OTTAWA—Male MPs must help to usher in a culture change on Parliament Hill and combat sexual misconduct, says veteran NDP MP Nathan Cullen, who is looking to work with colleagues of all stripes to address inappropriate behaviour often viewed as a “public secret.”
Cullen said the “ecosystem” of people who interact in and around the corridors of power, including support staff, lobbyists, and parliamentarians, can create a space where professional and personal environments blur and challenges are created.
“There's long hours often away from home,” Cullen noted.
“There's a clear work environment but there's also the receptions . . . and opportunities where people either intentionally do wrong or misunderstand the relationships that exist,” he remarked.
“That's what I have noticed.”
Environment ,inister Catherine McKenna, who publicly has pushed back over being called “Climate Barbie” online, said there are examples of harassment on the Hill and other workplaces that must be fought, adding that movements like #MeToo will be effective only with action.
“If we don't take action on this, what example are we setting for the girls and boys?” McKenna said in an interview from San Francisco.
“I have two daughters. I have a son, too,” she noted.
“Are we going to make it . . . better, safer, more equal for all of them?”
The Canadian Press conducted a survey last month of female MPs about their experiences with sexual harassment and found more than half of respondents (58 percent) reported they personally had been the target of one or more forms of sexual misconduct while in office, including inappropriate or unwanted remarks, gestures, or text messages of a sexual nature.
Thirty-eight of 89 female MPs took part in the voluntary, anonymous survey.
Three MPs who responded said they had been victims of sexual assault while four said they experienced sexual harassment, defined in the survey as insistent and repeated sexual advances.
Nearly half of respondents (47 percent) also said they were subjected to inappropriate comments on social media.
“It offends me, it troubles me, but doesn't surprise me,” Cullen said.
“I guess that is . . . a comment on the environment we have allowed to exist,” he reasoned.
“I don't know how it compares to other work environments but Parliament should be an example of a safe place for people to be.”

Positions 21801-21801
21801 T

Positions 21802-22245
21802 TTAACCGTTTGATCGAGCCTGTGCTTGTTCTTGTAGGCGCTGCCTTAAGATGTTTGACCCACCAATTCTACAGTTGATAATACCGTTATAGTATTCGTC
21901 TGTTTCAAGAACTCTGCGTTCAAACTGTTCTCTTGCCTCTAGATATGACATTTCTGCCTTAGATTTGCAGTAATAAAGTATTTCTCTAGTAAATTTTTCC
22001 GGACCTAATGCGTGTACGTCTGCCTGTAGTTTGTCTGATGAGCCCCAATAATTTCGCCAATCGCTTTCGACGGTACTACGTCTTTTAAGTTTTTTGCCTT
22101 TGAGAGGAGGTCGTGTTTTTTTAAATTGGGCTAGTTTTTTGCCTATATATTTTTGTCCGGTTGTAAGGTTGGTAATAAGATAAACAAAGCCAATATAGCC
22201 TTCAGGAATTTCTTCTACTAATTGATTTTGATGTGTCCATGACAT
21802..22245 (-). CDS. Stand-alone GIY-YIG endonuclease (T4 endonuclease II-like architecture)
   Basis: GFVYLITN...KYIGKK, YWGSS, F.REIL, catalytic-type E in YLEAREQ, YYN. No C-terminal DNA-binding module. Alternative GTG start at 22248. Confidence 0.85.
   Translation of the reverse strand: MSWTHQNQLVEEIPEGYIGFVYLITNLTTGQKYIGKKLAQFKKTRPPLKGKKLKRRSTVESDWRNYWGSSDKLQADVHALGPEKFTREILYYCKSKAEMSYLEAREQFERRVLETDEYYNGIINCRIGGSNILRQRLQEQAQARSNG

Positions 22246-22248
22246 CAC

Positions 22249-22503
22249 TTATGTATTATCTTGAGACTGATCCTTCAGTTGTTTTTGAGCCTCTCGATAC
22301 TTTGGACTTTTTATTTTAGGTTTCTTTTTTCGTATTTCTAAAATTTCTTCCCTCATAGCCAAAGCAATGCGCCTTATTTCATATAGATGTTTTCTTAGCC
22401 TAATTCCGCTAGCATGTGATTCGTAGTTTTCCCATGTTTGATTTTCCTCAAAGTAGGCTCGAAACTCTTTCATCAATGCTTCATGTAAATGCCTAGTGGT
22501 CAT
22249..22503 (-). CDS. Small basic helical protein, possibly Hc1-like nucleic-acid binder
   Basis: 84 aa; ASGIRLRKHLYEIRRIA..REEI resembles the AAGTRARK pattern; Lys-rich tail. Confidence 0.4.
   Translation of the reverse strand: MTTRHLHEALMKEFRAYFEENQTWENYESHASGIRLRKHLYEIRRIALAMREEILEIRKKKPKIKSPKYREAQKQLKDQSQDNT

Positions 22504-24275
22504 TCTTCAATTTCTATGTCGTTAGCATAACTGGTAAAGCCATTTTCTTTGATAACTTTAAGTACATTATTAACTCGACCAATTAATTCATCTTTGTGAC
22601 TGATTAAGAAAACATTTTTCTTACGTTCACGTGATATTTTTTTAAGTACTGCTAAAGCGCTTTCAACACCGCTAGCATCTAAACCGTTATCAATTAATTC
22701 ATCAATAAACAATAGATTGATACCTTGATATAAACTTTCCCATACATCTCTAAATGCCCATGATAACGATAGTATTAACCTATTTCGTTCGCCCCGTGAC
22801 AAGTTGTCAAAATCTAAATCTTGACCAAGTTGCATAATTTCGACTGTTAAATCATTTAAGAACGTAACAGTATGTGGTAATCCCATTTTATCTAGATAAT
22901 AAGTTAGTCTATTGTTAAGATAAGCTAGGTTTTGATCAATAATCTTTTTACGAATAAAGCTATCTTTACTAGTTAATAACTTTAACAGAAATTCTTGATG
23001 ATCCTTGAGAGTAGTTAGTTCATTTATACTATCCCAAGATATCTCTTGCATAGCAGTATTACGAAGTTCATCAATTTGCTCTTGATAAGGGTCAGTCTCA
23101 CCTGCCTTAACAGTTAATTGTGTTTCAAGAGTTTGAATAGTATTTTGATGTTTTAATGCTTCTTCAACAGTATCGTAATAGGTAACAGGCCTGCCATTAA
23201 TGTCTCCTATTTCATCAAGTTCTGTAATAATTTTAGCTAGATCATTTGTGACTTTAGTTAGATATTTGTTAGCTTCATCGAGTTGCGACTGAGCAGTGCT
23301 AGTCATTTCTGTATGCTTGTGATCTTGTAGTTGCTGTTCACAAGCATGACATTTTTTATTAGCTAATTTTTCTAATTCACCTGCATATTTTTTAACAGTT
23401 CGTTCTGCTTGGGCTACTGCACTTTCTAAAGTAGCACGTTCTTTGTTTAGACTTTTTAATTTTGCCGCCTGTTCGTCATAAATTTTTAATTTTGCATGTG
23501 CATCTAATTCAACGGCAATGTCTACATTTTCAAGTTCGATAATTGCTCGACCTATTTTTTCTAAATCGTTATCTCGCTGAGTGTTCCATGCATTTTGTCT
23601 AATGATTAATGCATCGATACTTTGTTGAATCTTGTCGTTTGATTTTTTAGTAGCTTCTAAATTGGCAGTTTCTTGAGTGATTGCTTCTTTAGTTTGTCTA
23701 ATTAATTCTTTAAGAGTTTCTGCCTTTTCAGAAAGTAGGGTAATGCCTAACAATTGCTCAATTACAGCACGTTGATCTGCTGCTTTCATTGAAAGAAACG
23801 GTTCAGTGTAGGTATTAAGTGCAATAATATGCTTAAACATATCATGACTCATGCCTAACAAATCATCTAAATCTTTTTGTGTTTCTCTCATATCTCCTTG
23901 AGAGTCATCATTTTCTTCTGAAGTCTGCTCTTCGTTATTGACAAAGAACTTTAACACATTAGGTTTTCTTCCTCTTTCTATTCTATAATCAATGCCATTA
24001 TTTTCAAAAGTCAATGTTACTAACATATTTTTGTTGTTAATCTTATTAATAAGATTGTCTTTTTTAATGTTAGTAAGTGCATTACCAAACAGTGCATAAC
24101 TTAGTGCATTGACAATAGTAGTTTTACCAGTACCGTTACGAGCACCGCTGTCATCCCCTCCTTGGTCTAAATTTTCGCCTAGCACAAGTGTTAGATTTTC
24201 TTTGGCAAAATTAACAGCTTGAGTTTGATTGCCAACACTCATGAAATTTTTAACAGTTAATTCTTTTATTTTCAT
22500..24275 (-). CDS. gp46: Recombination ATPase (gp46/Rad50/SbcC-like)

For her part, Green Party leader Elizabeth May believes fixing the power imbalance on the Hill will demand male MPs speak up when they learn of unacceptable behaviour.
“If you hear something in your caucus meetings you think is just bad form, tell your male colleagues," May said in a recent interview while expressing optimism that a "floodgate” now has opened in politics, sport, and entertainment.
“To change that culture and to really have men in politics that understand that they're feminists . . . that is a big step culturally for politics,” she noted.
Cullen agreed men must be at the forefront of the discussion on how this can change, adding that change also will require an acknowledgment from men that they are part of the problem.
“Overwhelmingly, the stories that I encounter . . . the instigator is a male,” he said.
“So asking women to carry this load, as well—'Why don't you come forward? Why don't you do this? Why don't you take this risk?'—while owning none of the responsibility ourselves is ridiculous and unhelpful.”
There is a level of fear percolating among some male MPs about needing to watch what they say and do, Cullen added, noting they need to “suck it up.”
“OK, so, you're feeling a bit of fear," he remarked. ”Welcome to a women's environment every waking moment when she's out in the workplace.
“This has been . . . a so-called public secret for a long time," Cullen added. ”It has been going on, people know it has been going on, we haven't done anything about it. . . .
“With some effort and with some thoughtfulness, it could become a good example of a workplace,” he said.
“It is not right now.”
Conservative leader Andrew Scheer, a former Speaker of the Commons, said a complaints' protocol established in the last Parliament likely will evolve as incidents happen.
He said as Speaker he saw a broad support for reforms.
“The representatives of every political party really were genuinely motivated by trying to make the situation better,” Scheer said.
“It wasn't a partisan thing," he stressed. "It was 'Let's try to come up with something that works.'”
Cullen said, however, he personally knows of female MPs who simply avoid Hill-related receptions out of fear of harassment, including “long, uncomfortable hugs.”
“They're sick of it,” he remarked.